Real estate mogul and founder of Montana's Yellowstone Club Tim Blixseth announces autobiography titled 'You Couldn't Make This Up'

BOZEMAN, Missouri , October 24, 2011 (press release) – In a new article, developer and Yellowstone Club Founder Tim Blixseth explains that he will never stop fighting for justice in the lawsuits brought about by the Yellowstone Club bankruptcy. "Unfortunately, injustice can sometimes be bought," Blixseth tells the Bozeman Daily Chronicle. "Fortunately, justice cannot."

Blixseth details his life story in the article, titled "A Billionaire in Big Sky," from his humble roots growing up on welfare in Roseburg, Oregon, to the heady days starting the exclusive Yellowstone Club resort in Montana.

In the article, Blixseth explains that he has written 250 pages of his autobiography, titled: "You Couldn't Make This Up." "It'll be a journey about my life and some of the interesting things, the hardships, the joys, just life," Blixseth said. "Neither you nor I know the ending yet."

Blixseth explains in the article that, before coming to Montana, he grew up in a poor family in Oregon. His father was a hard-working Norwegian immigrant. "My father's American dream never came to fruition, I don't think, but mine sure has," Blixseth tells the Chronicle. "I'm thankful I was born in America."

After learning young that he had a knack for making deals, Blixseth would eventually make millions from the timber industry. He told CNN Money in 2008 that when he was about 13, he bought three donkeys for $25 each after seeing a classified ad for them, the article states. Then, he turned around and sold them for $75 after rebranding them as pack mules.

"So he gives me the $225, and a light bulb went on and I went, 'Huh, okay,'" he said in the CNN Money article. Blixseth went on to make a series of timber deals that made him millions, and he retired in North Tahoe Lake, Nev., at the age of 40. But he got bored and wasn't out of the development world for long. After a land swap with the U.S. government that required two acts of Congress, Blixseth became the proud owner of nearly 15,000 acres south of Big Sky, Montana, an area that would become the Yellowstone Club.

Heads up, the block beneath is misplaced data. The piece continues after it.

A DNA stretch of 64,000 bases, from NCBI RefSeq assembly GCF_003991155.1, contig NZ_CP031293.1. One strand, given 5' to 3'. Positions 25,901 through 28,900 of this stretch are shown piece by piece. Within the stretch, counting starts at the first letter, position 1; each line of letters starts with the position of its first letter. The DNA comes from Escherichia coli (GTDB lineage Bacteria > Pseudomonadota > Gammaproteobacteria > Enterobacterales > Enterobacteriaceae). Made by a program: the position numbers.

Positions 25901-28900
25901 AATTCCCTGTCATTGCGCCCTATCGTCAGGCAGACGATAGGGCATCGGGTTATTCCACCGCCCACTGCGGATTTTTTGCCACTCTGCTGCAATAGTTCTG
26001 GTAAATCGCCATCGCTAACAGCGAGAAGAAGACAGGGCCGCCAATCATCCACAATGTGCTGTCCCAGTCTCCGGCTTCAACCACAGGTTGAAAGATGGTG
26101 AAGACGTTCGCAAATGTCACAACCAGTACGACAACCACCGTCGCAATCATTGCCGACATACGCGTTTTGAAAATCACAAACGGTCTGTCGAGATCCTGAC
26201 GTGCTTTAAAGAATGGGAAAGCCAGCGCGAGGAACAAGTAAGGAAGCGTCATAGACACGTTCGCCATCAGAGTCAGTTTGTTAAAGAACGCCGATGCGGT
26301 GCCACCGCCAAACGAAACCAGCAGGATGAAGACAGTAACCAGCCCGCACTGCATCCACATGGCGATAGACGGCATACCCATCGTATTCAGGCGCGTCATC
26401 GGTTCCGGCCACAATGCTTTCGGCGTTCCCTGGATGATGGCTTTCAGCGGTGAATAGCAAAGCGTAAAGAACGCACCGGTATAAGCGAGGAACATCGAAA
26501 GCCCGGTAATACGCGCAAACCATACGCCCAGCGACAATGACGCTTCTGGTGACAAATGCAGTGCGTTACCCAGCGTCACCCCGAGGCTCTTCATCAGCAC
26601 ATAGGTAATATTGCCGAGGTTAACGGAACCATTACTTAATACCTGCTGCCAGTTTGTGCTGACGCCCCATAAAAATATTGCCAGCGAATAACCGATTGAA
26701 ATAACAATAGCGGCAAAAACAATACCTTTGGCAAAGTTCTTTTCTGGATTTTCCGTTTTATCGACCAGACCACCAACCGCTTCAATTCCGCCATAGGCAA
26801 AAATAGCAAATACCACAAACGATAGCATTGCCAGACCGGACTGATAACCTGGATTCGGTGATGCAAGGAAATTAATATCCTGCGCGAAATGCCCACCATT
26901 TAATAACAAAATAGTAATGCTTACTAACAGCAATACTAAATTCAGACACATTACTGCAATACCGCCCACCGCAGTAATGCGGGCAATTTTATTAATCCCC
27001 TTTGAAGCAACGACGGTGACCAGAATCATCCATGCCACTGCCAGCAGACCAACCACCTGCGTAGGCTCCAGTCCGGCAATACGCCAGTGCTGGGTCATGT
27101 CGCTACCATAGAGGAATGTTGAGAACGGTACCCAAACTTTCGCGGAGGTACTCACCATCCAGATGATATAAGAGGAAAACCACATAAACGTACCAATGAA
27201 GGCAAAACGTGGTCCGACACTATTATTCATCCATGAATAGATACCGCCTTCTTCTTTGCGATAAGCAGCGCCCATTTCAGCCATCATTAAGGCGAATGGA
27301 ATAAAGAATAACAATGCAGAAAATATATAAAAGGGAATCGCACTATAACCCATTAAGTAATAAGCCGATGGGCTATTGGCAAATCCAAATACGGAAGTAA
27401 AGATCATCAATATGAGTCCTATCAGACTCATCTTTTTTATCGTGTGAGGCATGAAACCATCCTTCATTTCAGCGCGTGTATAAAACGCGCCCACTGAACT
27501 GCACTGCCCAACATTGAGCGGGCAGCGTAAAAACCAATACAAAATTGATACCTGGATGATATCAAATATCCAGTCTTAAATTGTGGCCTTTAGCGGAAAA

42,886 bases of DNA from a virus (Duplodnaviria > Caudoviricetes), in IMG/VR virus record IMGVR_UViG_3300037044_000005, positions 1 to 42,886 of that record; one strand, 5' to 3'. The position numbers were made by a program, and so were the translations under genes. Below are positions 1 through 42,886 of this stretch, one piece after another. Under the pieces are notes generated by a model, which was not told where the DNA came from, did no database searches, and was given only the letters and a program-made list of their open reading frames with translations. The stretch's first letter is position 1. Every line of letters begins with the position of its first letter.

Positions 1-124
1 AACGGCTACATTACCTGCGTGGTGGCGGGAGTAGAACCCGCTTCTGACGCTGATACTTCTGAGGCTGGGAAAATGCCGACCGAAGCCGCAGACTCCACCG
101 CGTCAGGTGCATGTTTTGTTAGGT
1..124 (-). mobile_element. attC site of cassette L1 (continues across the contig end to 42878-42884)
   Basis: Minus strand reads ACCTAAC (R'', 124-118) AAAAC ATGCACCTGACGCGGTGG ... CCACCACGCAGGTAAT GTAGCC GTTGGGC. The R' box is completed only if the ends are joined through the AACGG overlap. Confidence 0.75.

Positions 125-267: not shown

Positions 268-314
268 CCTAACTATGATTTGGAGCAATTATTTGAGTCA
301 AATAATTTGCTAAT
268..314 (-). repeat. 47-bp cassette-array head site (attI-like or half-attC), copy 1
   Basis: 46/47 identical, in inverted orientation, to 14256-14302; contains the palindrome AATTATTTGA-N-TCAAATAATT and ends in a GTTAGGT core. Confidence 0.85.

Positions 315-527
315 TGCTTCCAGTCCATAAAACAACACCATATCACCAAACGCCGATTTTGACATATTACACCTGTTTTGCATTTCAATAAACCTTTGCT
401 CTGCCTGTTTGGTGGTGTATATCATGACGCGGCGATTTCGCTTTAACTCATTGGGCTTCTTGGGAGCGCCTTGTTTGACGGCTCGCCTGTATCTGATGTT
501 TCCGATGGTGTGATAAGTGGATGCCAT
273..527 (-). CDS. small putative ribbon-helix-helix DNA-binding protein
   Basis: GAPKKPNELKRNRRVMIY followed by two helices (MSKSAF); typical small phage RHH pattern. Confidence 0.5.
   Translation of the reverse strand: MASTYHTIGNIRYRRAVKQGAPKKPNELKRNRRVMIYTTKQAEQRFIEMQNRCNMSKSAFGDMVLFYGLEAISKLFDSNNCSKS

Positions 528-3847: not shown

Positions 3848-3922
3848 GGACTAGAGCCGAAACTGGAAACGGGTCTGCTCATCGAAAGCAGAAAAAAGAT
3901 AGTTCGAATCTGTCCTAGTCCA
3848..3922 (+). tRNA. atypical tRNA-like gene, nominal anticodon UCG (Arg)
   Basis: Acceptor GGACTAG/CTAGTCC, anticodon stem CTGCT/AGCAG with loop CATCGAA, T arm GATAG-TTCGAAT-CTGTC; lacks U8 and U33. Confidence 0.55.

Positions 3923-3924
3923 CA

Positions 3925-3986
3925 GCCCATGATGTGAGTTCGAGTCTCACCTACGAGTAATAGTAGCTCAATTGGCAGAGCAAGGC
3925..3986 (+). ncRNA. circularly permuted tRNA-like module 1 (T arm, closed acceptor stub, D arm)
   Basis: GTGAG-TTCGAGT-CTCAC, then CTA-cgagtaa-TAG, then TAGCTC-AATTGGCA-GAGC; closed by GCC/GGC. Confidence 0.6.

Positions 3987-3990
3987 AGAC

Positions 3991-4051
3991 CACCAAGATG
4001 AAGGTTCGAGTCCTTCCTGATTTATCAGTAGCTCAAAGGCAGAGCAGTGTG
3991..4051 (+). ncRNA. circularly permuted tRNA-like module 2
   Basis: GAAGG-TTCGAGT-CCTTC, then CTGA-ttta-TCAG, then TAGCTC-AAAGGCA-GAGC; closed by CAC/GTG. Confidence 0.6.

The early years

The Yellowstone Club thrived from the beginning, the article explains, with a fancy lodge, a golf course designed by Tom Weiskopf and a first-class private ski mountain for families. Patrons included Bill Gates and Dan Quayle.

But when Blixseth and this then-wife, Edra, divorced, she bought out her husband's portion of the club and became its owner. Within months, the article explains, the Yellowstone Club went bankrupt. In May 2009, it was sold at a "fire-sale price of $115 million" to Sam Byrne, a principal at CrossHarbor Capital and a club member. Previously he had tried to buy it from Blixseth for $450 million, but he reneged on the deal, the article explains.


The article chronicles the lawsuits surrounding the Yellowstone Club bankruptcy, including one in which Tim Blixseth alleges the club's bankruptcy filing was an elaborate scheme concocted by Edra Blixseth and Sam Byrne. "Essentially, Byrne was paying Edra to file the bankruptcy so he could get the club for a cheaper price, Blixseth alleges now," according to the article.

"Unfortunately, injustice can sometimes be bought," Blixseth said. "Fortunately, justice cannot."

Blixseth tells the Chronicle he's happier than ever today, married to his wife, Jessica, and confident he will prevail in the end. "I'm having a better time today than ever in my life," he said. "Every day I wake up have a smile on my face."

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